Blender's missing shader, being in Octane and LuxCore for years now. After rigorously studying the physics, modelling the effect and calibrating the shader, I am now making it available for your Cycles or Eevee workflow too.
What is it?
This is a physically correct shader node, with presets, that models thin-film interference. The effect creates not only the lively colours of iridescence and pearlescence in materials like soap, oil or pearls. It also determines the hues of anodized metals, beetle shells (yes, really) and is the main part in colour-changing car paint. One shader node can do all of the above without being overcomplicated to use.
Besides the main node, the download includes 15 premade iridescent materials. Including all of the material types seen in the gallery.
Entering real world material properties (ones you can easily find online) will generate the actual colour of the material.
Why do you need it?
It works for any material that has any iridescence
- It makes photorealism possible
- Using this shader saves valuable time
- Almost no effort is required to get it working
- It doesn't just look real, you can rely on it being accurate
The shader is built on physics equations and considers concepts like Rayleigh scattering, wave interference, internal reflection and absorption.
What all this means is that after the values are set correctly, it will look correct in any environment. Besides, let's say you wanted to create an iridescent material the normal way. You might try to get close with a ColorRamp and some fresnel nodes. It might be recognizable as iridescence, but it won't look exactly right. It doesn't react to lighting like you'd expect, the colour doesn't change with angle exactly as it does in real life etc. This all gives away that it's a render. If the goal is photorealism, looking like the material, isn't enough, it needs to be the material. People can tell the difference!
It saves time
Even when Ignoring the realism of the result, the process to get there is much faster and more reliable. When recreating a material, one can spend a large amount of time tweaking and checking against references. The tweaks usually work against each other, starting a cycle of going back and forth just to get a single gradient to look right. When it's not physically correct you might even need to start over when changing the lighting.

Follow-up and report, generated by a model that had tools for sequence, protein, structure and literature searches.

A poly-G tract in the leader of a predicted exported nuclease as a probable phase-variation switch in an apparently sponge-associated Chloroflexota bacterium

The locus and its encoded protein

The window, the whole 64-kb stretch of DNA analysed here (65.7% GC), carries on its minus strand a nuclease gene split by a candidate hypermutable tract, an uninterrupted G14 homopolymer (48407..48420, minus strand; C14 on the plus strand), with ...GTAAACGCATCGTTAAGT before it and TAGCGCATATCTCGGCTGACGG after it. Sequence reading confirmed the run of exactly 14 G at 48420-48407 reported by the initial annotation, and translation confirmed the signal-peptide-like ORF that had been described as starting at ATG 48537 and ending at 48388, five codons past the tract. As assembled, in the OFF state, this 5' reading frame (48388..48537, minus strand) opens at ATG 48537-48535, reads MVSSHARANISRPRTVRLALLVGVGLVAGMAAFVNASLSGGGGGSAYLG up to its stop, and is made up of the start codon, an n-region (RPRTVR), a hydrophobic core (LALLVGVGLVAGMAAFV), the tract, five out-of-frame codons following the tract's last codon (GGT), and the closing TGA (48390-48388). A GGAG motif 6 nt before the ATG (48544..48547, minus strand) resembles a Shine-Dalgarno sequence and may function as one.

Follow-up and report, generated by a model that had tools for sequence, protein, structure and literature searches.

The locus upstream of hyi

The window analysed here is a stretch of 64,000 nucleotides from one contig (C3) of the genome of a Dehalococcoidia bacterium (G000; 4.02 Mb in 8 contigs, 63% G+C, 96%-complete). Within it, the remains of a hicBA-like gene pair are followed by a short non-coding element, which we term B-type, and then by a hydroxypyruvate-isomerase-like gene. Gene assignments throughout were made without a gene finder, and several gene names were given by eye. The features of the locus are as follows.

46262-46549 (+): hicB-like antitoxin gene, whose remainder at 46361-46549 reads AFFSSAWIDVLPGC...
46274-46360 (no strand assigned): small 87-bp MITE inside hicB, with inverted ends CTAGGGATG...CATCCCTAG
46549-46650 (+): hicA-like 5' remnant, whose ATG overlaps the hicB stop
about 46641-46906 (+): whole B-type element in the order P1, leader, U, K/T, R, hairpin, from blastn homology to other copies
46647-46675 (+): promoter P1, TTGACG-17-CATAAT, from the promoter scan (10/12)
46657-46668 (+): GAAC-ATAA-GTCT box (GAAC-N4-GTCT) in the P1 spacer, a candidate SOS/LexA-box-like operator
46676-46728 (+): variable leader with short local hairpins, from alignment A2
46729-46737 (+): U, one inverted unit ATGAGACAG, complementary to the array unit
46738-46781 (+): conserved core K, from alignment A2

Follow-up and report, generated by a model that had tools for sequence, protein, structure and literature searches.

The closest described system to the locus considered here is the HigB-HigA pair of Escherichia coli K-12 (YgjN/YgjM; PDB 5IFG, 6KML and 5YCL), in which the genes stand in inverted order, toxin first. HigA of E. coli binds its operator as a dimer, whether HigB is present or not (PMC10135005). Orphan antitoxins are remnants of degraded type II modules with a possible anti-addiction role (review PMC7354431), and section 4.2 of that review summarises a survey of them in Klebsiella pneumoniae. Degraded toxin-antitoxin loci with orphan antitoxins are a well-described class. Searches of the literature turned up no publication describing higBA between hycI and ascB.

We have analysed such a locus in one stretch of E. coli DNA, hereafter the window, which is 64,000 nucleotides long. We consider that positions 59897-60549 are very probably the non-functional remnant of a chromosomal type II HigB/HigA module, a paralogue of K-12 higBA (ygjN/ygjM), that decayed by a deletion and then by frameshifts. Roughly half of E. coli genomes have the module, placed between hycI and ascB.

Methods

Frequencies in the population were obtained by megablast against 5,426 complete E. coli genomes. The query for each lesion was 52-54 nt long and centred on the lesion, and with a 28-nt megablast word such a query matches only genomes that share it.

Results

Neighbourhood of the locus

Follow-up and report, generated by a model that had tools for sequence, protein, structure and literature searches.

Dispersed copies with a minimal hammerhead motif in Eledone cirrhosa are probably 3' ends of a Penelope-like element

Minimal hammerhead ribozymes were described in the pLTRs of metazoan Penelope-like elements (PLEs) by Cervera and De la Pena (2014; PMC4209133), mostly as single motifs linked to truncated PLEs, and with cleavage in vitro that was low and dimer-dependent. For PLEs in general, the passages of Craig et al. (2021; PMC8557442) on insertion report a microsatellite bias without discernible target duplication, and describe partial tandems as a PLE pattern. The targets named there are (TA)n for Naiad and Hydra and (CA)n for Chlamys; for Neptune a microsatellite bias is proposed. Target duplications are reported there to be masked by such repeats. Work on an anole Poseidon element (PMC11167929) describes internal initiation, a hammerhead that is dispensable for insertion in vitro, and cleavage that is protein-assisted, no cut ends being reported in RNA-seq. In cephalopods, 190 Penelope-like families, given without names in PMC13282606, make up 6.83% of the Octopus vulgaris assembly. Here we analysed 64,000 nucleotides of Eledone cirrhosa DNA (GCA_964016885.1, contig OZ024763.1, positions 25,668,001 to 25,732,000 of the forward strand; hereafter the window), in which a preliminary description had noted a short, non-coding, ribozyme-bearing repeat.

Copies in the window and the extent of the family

With the thin film shader, you would look up the required values on internet within a single minute. After entering them and seeing the result looking like expected, you can safely leave the material behind and move on within minutes. No troubleshooting of improvised nodes, no endless tweaking and checking references, it is immensely more time-efficient and comfortable to work with.
How hard is it to use?
Use the node as the colour of a metallic or glossy shader. Then enter the IOR and film thickness values you found. Hook up a normal map and that's it!
For film on a transmissive base like water, glass or air, simply set the Transmission to 1. The colour will be corrected and a physically correct alpha mask is generated, you can use it directly as factor to mix with any non-opaque shader.
Alternatively you can simply use one of the included materials. Then adjust the settings from there if necessary.
Control and flexibility
The way the thin film node integrates into the shader workflow, it leaves almost all control to the end user. It can perform very well at modelling just the base thin film effect. For other cases:
- A texture can be used as film thickness to create detailed patterns
- Artificial override settings are available for more artistic control.
- The node's output can be manipulated and used for any shader you want
Because of this, it can be used for any material that would benefit from iridescence, not just the textbook examples.
The flexibility is demonstrated by the completely different materials in the featured gallery, all of them built on the same thin film node.
Why should I trust that it's accurate?
I can imagine that you'd ask this, I've said it to myself too. To be sure, I made a simple setup that created a thickness gradient along one axis. That could easily be compared to existing charts.
Here is one of the comparisons, the colours of soap against thickness.
Reference Chart (source):
Blender viewport cycles output (nodes):
In the example above the scale goes from 0-1000 nm in the reference, in the blender nodes it's 0-1 micrometer (so the same). The exact same pattern and scale appeared without any adjustments.
I won't clog the page with test results, but other materials I tested like anodized titanium or nacre (mother of pear) were also successful;.
To wrap up with an even more impressive result: this shader was able to render oil on water better than in a published scientific paper.
Figure from paper at p. 37:
Eevee realtime render (nodes):
The Eevee render has oil on a very thin layer of water, but the same effect applies. Note that the colours, especially in the center, are much closer to the real world reference than the result of the paper. And apart from some noise textures, by using the thin film node the shader isn't even that complex.